The purpose in watching this documentary was to reflect on the creative process as it pertains to the performing arts versus the literary or language arts. The following includes some of the discussion questions the movie inspired in us:
What does a good piece of choreography have in common with a good piece of writing?
- They both flow well.
- They both tell a story.
- They both can express emotions and expression.
- Both are hard work.
- Both are organized and structured.
- Both are well thought out.
- Both require practice.
- They both require creativity.
- Both can capture an audience.
- Both require passion and effort.
- They both can be very meaningful.
- Both can be pleasing to the eye.
- Both requires imagination.
- Both are very detailed
What does this movie teach us about any creative process, whether you’re working with words or with bodies?
- It takes time, frustration, and perseverance.
- To connect with the piece.
- If you keep practicing, you’ll get better.
- To sit back and observe the world.
- You’re compelled to say something.
- Sometimes you might get stuck and experience a hardship.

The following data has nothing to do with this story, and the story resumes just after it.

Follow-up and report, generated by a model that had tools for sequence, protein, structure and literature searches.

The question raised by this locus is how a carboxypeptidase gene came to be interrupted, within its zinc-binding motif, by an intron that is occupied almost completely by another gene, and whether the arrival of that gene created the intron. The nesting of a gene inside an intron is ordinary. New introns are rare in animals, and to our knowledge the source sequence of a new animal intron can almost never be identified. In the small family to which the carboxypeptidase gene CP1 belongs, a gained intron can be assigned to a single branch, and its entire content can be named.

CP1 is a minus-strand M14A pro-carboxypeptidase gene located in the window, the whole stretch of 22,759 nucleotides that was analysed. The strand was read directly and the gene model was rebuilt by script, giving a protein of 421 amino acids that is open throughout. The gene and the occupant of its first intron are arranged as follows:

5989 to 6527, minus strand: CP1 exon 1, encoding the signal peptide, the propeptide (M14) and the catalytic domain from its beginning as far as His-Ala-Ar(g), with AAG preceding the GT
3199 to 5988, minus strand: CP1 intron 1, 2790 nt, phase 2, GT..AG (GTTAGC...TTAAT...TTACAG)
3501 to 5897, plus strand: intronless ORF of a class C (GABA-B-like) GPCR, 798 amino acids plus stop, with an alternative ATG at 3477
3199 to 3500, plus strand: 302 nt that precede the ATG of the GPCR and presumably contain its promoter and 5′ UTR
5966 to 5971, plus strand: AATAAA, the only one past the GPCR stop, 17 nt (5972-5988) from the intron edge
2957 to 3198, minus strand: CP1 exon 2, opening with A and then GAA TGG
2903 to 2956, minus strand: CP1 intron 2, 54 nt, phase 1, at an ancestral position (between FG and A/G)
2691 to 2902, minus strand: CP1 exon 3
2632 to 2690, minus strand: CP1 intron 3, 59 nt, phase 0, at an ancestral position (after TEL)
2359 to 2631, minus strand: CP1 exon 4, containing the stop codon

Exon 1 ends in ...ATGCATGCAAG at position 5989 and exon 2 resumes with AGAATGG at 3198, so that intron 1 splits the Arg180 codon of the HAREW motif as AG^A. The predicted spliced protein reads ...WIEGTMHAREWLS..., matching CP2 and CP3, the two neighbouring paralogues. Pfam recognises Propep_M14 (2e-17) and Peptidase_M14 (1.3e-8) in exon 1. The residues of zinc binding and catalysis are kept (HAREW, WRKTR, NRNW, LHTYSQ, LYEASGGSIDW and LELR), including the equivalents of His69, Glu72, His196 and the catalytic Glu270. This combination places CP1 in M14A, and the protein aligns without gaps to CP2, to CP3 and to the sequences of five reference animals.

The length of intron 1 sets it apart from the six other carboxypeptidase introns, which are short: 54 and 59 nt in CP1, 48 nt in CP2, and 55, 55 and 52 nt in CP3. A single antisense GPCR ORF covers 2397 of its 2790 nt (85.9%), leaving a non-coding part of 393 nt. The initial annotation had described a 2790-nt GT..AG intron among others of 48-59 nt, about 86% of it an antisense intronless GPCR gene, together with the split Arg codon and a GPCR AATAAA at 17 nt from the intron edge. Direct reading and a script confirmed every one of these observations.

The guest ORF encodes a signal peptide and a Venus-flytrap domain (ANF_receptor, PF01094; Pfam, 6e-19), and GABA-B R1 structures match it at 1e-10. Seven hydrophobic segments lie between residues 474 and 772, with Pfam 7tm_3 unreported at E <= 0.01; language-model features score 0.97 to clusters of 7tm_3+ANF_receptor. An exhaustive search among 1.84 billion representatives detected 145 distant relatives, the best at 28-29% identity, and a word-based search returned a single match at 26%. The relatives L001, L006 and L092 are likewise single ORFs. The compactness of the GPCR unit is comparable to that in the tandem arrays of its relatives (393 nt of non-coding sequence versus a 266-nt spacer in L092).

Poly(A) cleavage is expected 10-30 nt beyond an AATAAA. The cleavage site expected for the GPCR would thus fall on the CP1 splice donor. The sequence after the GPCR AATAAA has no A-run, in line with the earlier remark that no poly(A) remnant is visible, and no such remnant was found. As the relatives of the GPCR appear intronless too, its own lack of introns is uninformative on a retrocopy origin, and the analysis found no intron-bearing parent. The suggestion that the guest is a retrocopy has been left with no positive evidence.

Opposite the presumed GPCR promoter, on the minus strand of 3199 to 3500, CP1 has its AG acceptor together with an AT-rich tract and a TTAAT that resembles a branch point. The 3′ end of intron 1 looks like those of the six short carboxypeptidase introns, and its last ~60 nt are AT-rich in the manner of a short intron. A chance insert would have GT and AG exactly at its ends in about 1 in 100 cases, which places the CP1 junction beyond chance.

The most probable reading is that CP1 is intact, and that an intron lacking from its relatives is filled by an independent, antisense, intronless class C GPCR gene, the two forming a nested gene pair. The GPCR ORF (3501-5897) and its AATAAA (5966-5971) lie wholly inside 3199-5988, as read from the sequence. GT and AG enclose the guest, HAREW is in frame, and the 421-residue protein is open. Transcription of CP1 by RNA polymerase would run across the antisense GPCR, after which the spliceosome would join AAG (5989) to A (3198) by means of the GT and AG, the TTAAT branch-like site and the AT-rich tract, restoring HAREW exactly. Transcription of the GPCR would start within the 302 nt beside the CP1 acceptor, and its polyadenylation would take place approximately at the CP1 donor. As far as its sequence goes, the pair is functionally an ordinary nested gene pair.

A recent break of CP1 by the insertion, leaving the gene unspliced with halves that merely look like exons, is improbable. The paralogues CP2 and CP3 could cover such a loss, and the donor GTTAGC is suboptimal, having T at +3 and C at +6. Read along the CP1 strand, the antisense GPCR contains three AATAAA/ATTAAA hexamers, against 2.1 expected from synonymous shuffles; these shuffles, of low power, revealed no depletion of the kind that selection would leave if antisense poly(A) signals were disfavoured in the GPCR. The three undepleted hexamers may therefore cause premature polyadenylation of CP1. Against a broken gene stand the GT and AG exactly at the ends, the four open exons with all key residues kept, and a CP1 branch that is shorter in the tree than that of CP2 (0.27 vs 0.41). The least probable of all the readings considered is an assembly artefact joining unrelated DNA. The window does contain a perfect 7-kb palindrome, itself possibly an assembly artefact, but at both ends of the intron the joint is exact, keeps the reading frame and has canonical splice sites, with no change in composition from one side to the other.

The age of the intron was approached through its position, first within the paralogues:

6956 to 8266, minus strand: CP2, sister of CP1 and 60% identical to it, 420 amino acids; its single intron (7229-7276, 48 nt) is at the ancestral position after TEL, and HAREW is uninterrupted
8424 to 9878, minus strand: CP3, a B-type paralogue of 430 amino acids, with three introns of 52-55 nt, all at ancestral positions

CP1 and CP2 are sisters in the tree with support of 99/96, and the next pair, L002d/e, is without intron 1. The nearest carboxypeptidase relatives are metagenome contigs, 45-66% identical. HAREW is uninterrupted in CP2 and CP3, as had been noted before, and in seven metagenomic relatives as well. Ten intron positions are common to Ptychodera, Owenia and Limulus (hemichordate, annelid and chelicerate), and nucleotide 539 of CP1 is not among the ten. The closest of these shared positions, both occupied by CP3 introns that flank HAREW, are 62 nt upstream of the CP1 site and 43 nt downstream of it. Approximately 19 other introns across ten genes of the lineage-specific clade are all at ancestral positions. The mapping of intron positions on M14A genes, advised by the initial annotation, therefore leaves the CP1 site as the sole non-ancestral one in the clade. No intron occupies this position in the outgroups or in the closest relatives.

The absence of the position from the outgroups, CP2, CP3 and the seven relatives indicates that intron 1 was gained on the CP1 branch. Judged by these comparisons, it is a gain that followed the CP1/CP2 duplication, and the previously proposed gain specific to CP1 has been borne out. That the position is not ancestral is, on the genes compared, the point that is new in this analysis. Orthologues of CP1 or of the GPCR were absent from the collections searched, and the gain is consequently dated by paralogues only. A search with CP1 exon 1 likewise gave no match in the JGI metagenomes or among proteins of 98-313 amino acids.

- It’s good to use improvisation.
- Be creative.
- You can have a hard relationship with it, but it’ll work out in the end.
- If you’re passionate and understanding you can reach success.
- Inspiration can have any origin.
- You should use a thought process.
- The creative process may be long but with dedication it will get better.
- It’s okay to be afraid.
Is there any value in making the drafting and brainstorming process more interactive, social, mimicking the collaborative process that is the process of making a dance? If so, how could you do this?
- Take notes to remember what you’re brainstorming.
- Having too many influences can have a blockage on your own creativity.
- You’ll interact with others to make your work better than it was before.
- Social environment can only help you grow as a dancer or writer.
- It’s important to make value in your draft.